Be Our Defense


The Pre-Lenten ‘Gesima Sundays’ wisely draw our attention to the theological virtues of faith, hope, and charity (love), in doing so, the church in her wisdom prepares her children for spiritual battle: warring against the world, the flesh and the devil. For though our Lenten devotion of prayer, fasting, and almsgiving draws us deeper towards the grace and mercy of Christ, we also become more and more vulnerable to the schemes of the Devil, and quite often experience a greater susceptibility to sin. The appointed Gospels for the first three weeks of Lent make this clear. Each Gospel is about the great conflict between Jesus the Son of God and the powers of darkness, namely Satan and his evil cohorts! It is not by chance that Satan, the devil himself and his minions, are the central antagonists in each of these Gospel lessons.  

On the first Sunday, Jesus confronts the Devil in the Judaean wilderness. Satan, with his insidious plans, tempts Jesus (of course he waits until the 40th day: the very apex of Christ’s hunger and thirst… That wicked serpent!), “If you’re hungry, turn these stones to bread: feed yourself!” And, “Prove to me who you are, throw yourself off the top of this tower, didn’t your Father say his angels will protect you?” And finally, “Do you desire the worship of the nations? Then simply bow down and worship me, and I’ll give you the praise and glory of men!” But Jesus stands his ground never giving an inch. Jesus Christ, the second Adam, overcomes the very Tempter himself.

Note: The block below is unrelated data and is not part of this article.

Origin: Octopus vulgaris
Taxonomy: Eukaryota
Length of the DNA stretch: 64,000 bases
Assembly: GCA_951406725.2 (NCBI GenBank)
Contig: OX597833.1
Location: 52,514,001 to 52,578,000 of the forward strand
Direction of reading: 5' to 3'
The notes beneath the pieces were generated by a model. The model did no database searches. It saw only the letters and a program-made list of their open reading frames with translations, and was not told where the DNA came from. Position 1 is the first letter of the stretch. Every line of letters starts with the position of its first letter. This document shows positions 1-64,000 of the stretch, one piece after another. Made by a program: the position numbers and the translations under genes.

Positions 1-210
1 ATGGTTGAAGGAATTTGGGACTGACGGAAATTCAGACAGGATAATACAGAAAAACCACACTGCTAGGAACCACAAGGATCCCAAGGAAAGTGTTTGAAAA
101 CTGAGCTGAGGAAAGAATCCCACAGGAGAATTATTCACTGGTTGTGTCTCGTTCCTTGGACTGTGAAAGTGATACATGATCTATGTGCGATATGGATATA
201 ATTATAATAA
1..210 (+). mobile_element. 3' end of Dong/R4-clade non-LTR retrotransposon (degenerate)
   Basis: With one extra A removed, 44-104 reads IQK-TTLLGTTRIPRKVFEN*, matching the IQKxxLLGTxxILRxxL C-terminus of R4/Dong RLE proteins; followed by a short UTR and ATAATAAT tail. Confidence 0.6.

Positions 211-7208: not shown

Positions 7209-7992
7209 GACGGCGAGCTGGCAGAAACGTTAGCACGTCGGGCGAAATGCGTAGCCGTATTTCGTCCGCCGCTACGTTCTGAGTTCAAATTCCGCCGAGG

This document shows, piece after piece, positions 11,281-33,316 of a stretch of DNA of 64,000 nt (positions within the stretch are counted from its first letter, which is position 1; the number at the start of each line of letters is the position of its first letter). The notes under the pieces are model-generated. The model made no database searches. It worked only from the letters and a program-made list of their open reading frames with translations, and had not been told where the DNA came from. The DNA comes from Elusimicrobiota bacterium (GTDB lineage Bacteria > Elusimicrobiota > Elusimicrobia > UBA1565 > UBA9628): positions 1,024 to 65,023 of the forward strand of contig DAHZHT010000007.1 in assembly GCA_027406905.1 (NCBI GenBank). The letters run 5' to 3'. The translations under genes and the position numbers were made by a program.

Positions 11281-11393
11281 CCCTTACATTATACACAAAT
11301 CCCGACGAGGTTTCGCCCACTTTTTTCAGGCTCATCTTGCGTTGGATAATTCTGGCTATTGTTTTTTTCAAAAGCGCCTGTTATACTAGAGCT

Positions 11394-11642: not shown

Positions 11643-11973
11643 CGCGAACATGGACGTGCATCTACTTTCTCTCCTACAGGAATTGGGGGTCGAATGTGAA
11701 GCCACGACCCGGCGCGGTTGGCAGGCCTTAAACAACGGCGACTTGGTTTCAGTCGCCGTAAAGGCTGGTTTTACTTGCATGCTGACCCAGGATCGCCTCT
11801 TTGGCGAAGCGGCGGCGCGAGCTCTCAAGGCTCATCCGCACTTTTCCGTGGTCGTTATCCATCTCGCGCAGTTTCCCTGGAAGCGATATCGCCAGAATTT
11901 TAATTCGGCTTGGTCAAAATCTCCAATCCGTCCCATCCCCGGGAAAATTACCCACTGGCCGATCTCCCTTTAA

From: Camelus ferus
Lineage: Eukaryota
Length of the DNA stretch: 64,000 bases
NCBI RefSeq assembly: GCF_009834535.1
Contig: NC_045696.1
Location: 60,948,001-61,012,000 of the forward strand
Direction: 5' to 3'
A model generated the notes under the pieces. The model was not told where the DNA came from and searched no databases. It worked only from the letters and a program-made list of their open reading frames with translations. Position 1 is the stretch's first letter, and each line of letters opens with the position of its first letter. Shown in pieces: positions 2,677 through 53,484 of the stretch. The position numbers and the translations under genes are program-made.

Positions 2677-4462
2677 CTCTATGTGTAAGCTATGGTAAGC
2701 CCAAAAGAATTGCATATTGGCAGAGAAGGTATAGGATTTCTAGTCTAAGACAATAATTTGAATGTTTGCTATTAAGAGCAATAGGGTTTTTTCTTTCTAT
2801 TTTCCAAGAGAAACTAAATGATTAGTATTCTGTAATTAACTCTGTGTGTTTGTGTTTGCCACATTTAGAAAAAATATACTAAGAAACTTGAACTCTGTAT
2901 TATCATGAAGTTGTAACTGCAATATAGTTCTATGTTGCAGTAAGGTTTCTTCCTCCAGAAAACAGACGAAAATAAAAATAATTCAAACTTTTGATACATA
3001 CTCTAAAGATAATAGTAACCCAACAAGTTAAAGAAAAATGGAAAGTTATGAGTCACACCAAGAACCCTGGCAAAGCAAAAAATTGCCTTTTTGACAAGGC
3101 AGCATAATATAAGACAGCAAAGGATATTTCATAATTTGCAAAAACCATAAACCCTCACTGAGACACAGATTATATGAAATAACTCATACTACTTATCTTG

Last Sunday, Jesus cast out a demon from a young girl, the daughter of a Canaanite woman. In faith, the woman called out to Jesus to heal her daughter, “O Lord, thou son of David; my daughter is grievously vexed with a devil” and in turn Jesus exerted his divine power, and from a distance, bound and cast the demon far from the girl, healing her, making her whole again.

And today, our Gospel reading from St. Luke records Jesus exorcising a rather nasty demon from a deaf-mute man. Yet, some of the bystanders wrongly see the power of Satan at work in Jesus’ miracle. Suffering from an acute case of spiritual farsightedness, they cannot see God at work in and through Jesus! Amazed they say, “He casteth out devils through Beelzebub the chief of the devils.”  Others in the crowd tempt him, demanding he perform some sign from heaven to prove his authority is truly of God: now where have we seen that tactic before!